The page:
Qasim Rashid Is the First Muslim Ever to Win a Congressional Primary in Virginia

Qasim Rashid, a Pakistani-born author, human rights activist and lawyer, won a primary contest Tuesday night to become the Democratic Party’s nominee in the First Congressional District of Virginia.

Fellow Democrat Vangie Williams, who ran for Congress as the party’s nominee in 2018, conceded just after 9 p.m. Eastern Standard Time on Tuesday. Rashid had won about 52.6 percent of the vote, compared to Williams who had garnered around 47.4 percent.

Rashid is the first Muslim ever to win a congressional primary in the state of Virginia. Upon winning the race, the candidate discussed the prejudices he has faced in the past.

“10 years ago a major law firm rescinded a job offer b/c I was ‘too Muslim’ & would ‘make clients uncomfortable,'” Rashid recounted in a tweet after his win. “Last night I became the first American Muslim in Virginia history to win a Congressional primary election.

“That firm has since folded,” he added. “My fight for justice won’t stop”

Providing aid for working families is a big part of Rashid’s platform, including promoting paid family leave and advocating for a raise of the nation’s minimum wage.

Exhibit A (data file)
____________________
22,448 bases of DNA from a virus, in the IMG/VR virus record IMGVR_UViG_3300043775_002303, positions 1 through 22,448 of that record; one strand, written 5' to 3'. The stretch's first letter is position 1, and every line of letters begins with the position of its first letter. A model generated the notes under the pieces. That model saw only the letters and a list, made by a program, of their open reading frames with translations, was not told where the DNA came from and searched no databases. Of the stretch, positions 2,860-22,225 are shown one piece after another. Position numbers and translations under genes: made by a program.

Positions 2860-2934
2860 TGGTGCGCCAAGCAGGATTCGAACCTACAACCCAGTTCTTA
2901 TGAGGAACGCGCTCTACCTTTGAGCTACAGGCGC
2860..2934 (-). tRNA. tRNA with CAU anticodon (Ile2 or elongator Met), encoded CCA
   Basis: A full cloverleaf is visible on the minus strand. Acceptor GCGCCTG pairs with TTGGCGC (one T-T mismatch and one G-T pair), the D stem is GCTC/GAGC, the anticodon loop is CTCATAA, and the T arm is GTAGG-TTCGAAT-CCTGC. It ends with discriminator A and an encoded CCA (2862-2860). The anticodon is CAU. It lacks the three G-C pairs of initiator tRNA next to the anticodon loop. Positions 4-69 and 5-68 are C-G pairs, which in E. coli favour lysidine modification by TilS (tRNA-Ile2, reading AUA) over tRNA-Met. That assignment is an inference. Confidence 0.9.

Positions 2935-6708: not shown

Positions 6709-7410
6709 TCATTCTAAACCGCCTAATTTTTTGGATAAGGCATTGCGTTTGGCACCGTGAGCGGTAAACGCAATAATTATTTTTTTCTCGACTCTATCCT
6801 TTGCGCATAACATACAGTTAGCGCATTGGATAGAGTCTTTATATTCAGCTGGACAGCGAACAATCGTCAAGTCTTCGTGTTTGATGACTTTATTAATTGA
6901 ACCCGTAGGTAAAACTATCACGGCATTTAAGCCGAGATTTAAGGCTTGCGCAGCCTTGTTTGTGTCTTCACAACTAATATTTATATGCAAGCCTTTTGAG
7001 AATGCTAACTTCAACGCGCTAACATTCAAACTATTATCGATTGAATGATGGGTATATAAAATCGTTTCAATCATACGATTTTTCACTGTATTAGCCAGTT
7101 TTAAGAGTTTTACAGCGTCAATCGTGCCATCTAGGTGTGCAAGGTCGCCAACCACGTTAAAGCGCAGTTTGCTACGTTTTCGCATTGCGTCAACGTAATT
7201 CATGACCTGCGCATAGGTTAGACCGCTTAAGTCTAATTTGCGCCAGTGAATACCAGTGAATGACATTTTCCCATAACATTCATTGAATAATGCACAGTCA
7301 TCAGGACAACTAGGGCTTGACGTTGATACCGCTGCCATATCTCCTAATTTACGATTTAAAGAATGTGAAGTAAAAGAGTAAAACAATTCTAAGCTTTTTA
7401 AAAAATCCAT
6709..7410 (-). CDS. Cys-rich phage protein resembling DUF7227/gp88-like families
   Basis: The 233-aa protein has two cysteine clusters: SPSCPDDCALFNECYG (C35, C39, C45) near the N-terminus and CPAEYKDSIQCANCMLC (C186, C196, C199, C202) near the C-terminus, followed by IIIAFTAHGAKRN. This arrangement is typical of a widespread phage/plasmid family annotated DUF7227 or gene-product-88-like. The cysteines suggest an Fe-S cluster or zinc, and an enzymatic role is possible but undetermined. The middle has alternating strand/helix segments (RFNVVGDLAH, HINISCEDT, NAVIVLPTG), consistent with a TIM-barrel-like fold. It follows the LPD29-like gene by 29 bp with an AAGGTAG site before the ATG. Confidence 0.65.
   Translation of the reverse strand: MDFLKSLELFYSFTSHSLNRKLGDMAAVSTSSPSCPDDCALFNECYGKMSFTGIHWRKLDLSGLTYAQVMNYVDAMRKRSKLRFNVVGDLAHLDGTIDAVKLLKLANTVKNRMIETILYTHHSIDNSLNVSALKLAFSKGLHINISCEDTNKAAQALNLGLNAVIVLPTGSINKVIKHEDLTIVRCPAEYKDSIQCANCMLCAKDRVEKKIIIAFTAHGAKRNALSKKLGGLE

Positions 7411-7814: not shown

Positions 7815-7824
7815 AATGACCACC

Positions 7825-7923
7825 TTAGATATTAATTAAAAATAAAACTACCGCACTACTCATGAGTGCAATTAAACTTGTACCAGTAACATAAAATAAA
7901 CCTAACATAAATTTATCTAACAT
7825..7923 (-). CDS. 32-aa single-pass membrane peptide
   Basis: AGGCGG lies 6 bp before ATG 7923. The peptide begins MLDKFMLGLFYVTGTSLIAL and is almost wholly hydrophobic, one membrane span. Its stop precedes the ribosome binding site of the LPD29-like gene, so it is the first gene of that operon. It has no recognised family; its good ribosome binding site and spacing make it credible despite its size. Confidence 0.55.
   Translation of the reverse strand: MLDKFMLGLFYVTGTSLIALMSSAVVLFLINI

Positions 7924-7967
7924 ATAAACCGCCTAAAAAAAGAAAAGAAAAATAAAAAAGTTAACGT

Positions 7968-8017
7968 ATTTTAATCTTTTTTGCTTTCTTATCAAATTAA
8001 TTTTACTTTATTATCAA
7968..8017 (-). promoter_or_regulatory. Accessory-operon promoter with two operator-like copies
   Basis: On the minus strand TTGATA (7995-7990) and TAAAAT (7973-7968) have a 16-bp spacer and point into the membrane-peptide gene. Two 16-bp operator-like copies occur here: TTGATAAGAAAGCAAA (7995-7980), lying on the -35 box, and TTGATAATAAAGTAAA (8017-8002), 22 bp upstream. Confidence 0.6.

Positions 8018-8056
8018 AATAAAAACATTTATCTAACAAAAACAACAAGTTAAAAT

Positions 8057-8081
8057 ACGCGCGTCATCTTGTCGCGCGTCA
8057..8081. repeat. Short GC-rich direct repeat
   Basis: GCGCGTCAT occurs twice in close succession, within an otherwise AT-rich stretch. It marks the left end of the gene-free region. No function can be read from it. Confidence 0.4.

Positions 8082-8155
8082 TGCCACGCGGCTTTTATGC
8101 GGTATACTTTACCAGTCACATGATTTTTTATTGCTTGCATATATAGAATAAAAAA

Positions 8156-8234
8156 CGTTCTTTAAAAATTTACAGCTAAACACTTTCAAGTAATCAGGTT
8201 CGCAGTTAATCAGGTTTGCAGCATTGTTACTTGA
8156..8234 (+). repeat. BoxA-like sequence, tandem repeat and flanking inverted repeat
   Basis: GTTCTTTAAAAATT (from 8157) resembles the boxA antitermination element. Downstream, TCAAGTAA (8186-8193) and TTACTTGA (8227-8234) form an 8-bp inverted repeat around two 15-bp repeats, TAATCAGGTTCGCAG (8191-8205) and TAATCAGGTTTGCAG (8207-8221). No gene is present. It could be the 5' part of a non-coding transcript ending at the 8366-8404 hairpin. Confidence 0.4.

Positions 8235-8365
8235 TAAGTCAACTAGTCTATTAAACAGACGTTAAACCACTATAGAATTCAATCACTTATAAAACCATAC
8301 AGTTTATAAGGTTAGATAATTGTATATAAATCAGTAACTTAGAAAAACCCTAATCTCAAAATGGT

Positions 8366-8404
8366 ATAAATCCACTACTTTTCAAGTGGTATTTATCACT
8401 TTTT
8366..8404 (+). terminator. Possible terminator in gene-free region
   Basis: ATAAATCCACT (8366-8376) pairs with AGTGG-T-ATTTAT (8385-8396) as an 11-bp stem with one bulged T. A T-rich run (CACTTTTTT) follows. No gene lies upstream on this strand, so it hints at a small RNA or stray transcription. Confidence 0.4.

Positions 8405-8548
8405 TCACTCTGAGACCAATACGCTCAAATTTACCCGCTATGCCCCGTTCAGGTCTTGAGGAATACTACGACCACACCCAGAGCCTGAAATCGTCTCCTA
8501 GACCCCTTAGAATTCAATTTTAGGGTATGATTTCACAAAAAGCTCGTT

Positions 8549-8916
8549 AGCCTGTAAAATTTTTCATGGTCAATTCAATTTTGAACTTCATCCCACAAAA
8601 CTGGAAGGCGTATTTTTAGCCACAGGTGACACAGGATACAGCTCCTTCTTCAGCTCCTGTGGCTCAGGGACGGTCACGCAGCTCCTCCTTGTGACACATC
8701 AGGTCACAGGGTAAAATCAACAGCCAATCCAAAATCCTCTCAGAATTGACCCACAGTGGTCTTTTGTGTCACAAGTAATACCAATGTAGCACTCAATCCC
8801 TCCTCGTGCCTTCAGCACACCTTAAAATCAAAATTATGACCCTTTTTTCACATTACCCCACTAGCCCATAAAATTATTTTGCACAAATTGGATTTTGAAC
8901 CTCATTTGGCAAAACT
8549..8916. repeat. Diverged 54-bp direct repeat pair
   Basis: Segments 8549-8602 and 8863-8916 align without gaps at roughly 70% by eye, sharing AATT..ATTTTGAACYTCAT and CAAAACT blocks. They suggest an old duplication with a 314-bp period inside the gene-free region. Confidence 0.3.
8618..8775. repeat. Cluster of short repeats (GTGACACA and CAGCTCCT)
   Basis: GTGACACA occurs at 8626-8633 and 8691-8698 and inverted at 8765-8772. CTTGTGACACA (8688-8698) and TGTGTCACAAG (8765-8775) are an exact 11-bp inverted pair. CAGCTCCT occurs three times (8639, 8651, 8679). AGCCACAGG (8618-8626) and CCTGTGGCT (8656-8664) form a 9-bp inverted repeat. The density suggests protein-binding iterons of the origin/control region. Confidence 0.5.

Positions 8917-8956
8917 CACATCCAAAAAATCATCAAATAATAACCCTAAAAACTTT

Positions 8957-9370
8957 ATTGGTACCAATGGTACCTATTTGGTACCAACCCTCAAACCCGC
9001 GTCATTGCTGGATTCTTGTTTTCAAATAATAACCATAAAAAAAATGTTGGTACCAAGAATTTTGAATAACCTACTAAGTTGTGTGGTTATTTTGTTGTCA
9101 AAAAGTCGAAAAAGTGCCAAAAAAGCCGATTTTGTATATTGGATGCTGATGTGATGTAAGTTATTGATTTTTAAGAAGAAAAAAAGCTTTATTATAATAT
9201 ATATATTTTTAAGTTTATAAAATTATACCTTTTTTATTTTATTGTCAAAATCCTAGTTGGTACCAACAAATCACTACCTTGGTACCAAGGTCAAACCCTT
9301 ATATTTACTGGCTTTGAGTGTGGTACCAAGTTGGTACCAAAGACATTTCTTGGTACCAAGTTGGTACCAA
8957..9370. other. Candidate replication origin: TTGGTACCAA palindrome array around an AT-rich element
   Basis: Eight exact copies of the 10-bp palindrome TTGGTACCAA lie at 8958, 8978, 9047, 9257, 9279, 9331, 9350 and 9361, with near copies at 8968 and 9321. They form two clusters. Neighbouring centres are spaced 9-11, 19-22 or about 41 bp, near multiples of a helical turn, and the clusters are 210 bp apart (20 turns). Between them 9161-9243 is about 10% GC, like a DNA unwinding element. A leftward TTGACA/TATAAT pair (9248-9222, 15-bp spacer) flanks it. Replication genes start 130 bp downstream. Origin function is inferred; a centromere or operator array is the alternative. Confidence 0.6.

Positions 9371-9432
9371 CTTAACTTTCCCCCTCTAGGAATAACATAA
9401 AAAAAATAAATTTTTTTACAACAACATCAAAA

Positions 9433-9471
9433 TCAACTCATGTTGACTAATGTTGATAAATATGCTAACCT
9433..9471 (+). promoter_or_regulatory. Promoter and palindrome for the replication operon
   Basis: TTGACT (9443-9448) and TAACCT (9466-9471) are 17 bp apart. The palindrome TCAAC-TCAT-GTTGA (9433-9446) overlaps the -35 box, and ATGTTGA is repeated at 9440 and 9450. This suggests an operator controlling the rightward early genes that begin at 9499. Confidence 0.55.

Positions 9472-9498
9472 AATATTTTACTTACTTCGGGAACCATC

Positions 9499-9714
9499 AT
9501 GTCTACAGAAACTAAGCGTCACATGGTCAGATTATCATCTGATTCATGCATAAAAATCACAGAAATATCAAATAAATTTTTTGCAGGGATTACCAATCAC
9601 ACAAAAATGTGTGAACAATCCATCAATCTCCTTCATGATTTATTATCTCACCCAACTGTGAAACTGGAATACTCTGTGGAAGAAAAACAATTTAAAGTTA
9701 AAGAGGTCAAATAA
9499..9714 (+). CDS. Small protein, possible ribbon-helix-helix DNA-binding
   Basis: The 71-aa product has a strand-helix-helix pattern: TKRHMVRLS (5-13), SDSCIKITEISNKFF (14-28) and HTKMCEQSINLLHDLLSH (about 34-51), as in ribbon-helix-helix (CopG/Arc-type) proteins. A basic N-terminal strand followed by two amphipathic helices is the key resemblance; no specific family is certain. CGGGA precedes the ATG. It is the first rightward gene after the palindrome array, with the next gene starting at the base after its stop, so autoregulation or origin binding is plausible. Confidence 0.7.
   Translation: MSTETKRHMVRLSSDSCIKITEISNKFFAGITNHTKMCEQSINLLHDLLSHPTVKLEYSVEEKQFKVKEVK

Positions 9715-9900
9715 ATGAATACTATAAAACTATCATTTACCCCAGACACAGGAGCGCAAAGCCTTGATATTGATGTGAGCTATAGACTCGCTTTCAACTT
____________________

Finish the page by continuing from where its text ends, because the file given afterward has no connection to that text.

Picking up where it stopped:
While Rashid’s primary win is historic in its own right, taking the congressional seat in the general election this November may prove to be much more difficult. The office is presently held by Rep. Robert Wittman (R-Virginia), who has represented the district since 2007. The district is also considered a “solid Republican” seat by The Cook Political Report, and hasn’t been won by a Democrat since 1976.

There are signs that the district may be shifting, however. In 2014, Wittman won the district by more than 28 points. In 2016, that margin dipped slightly to 23.3 points, and in 2018, when Williams had run against him in the general election, Wittman won the race by less than 11 points.

Wittman is considered a reliable congressional vote for Donald Trump, voting in-line with the president on issues nearly 93 percent of the time. That could prove to be a double-edged sword for the incumbent candidate — if voters in his district are still happy with Trump, it may provide him an easy win yet again this fall. If, however, the district trends in an anti-Trump direction, it could spell trouble for Wittman in his contest against Rashid this year.